SpaceX's first high-altitude test flight of its Starship rocket, which exploded last month while attempting to land after an otherwise successful test launch, violated the terms of its Federal Aviation Administration test license, the Verge reported on Friday, citing sources.
Neither than article nor the original Verge article says what rules they violated.
Is FAA the new SEC?one line of supposition is that FAA wants a new application every time spacex swaps an engine.
This would be problematic with superheavy + starship having dozens of engines. SpaceX wants to just do an application per flight and swap whatever hardware they need as needed.
the other common line of supposition is that FAA is concerned with exclusion zones and physical security (keeping people out of the exclusion zones).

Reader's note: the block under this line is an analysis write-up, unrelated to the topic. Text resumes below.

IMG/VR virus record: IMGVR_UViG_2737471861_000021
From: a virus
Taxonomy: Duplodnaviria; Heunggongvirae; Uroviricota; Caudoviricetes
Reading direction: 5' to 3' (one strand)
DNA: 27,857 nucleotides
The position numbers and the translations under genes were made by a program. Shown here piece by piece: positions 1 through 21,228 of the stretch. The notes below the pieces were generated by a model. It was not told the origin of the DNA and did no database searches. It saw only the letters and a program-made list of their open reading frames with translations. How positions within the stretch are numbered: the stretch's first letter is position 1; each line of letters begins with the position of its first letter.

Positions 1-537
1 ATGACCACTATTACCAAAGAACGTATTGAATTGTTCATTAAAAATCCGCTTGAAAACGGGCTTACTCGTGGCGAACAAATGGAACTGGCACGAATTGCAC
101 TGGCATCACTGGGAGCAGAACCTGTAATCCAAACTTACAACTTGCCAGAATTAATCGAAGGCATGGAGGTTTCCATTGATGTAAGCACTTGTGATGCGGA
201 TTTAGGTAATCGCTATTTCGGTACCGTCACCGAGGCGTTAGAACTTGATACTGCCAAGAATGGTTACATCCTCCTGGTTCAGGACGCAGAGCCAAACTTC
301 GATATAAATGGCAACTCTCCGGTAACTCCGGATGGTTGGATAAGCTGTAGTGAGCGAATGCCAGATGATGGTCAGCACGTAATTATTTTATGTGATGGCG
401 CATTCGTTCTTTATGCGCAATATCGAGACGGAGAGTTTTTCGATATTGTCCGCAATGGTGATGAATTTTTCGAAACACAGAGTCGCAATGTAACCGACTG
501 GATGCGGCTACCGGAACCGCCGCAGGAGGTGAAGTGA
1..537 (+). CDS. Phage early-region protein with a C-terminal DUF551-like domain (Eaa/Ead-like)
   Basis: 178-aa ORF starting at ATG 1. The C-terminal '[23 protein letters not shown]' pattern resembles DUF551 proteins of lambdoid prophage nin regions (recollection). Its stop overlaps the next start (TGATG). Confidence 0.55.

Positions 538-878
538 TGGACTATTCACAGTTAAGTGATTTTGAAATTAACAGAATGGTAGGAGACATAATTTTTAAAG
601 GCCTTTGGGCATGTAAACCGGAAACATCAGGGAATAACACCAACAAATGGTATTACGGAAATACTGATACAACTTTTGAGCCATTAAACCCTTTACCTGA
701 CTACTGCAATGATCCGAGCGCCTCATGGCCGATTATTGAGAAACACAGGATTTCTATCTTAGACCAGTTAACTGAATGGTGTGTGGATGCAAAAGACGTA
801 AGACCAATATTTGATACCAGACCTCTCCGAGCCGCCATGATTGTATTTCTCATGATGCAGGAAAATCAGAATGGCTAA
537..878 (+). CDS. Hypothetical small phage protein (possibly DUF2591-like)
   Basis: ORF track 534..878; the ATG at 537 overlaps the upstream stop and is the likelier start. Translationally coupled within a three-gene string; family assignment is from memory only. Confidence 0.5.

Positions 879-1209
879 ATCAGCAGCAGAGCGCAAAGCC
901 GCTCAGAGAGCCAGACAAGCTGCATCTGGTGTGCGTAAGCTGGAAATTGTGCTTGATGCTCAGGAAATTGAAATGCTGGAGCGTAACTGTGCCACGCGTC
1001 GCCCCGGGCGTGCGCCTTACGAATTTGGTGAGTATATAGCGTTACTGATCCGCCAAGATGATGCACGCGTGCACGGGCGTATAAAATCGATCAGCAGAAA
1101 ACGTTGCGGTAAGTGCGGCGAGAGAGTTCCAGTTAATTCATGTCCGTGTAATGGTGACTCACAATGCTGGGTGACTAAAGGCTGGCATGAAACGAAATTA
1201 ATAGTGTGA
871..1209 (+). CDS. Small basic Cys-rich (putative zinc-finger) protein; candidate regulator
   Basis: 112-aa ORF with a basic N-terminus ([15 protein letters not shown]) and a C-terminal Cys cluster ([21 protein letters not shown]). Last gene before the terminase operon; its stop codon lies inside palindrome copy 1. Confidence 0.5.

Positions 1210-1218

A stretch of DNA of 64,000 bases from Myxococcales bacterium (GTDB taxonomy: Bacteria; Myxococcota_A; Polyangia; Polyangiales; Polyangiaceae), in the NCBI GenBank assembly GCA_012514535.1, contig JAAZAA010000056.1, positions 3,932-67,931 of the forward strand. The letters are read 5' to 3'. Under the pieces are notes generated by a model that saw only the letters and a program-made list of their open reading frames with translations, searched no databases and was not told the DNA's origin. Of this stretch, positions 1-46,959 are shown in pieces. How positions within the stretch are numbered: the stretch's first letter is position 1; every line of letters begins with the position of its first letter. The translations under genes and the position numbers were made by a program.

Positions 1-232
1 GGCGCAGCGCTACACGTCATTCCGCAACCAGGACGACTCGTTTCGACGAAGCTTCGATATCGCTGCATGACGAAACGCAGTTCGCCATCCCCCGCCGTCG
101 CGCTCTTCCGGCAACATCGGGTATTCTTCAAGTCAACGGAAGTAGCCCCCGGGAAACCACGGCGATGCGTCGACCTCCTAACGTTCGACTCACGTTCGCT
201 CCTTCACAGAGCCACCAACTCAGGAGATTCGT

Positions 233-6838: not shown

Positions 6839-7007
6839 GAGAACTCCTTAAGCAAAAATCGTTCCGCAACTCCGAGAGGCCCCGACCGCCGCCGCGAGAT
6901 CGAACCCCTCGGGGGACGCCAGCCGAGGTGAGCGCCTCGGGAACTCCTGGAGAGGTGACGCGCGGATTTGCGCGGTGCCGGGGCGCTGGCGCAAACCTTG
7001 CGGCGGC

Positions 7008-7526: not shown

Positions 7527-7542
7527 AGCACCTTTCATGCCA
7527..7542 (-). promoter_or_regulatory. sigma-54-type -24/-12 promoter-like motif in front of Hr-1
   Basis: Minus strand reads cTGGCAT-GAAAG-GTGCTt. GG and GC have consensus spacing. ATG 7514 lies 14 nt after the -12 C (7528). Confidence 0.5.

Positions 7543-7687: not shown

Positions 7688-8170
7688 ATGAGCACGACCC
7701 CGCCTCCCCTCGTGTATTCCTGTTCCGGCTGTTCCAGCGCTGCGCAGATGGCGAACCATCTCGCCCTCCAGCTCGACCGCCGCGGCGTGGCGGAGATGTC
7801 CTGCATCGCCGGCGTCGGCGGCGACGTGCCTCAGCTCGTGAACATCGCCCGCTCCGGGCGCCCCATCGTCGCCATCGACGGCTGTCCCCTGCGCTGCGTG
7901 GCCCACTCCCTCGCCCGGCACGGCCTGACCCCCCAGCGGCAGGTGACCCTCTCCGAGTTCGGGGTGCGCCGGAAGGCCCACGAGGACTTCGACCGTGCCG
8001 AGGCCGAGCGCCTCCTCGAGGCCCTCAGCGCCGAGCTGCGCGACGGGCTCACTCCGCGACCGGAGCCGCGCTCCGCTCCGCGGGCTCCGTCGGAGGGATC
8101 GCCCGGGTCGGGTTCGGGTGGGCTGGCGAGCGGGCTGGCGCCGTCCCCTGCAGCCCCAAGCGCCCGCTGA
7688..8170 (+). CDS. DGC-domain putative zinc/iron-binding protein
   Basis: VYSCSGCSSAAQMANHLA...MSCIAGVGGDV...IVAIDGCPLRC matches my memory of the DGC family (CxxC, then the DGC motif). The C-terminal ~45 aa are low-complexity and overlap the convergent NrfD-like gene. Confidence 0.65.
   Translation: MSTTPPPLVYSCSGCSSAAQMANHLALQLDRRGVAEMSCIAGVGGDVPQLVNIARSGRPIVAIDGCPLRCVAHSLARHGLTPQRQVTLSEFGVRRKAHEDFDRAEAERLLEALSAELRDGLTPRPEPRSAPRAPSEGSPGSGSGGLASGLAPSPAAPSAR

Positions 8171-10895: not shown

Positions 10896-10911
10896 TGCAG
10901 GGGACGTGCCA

either way apparently SN8 was the ship/flight that violated and triggered the FAA wrath. SN9 is just sitting around because of what already happened.
Where is the "sweet baby Jesus" button when you need it.Am partial to this image of it. Sweet baby Jesus...
I believe the plan is that Super Heavy boosters will have grid fins, but not flaps or landing legs. They will do a re-entry burn and landing burn similar to Falcon 9. They will then be caught by their grid fins using some sort of "arms" attached to the launch tower. Believe it or not.I lose track of all of the moving parts - is the intent that once this reaches production, this tower will be doing the belly flop thing when it returns to Earth?
What an amazing world and time we live in.I believe the plan is that Super Heavy boosters will have grid fins, but not flaps or landing legs. They will do a re-entry burn and landing burn similar to Falcon 9. They will then be caught by their grid fins using some sort of "arms" attached to the launch tower. Believe it or not.
View attachment 646019
As SpaceX gears up for another Starship prototype test flight, the FAA is facing scrutiny from Congress for how it handled an earlier license violation.spacenews.com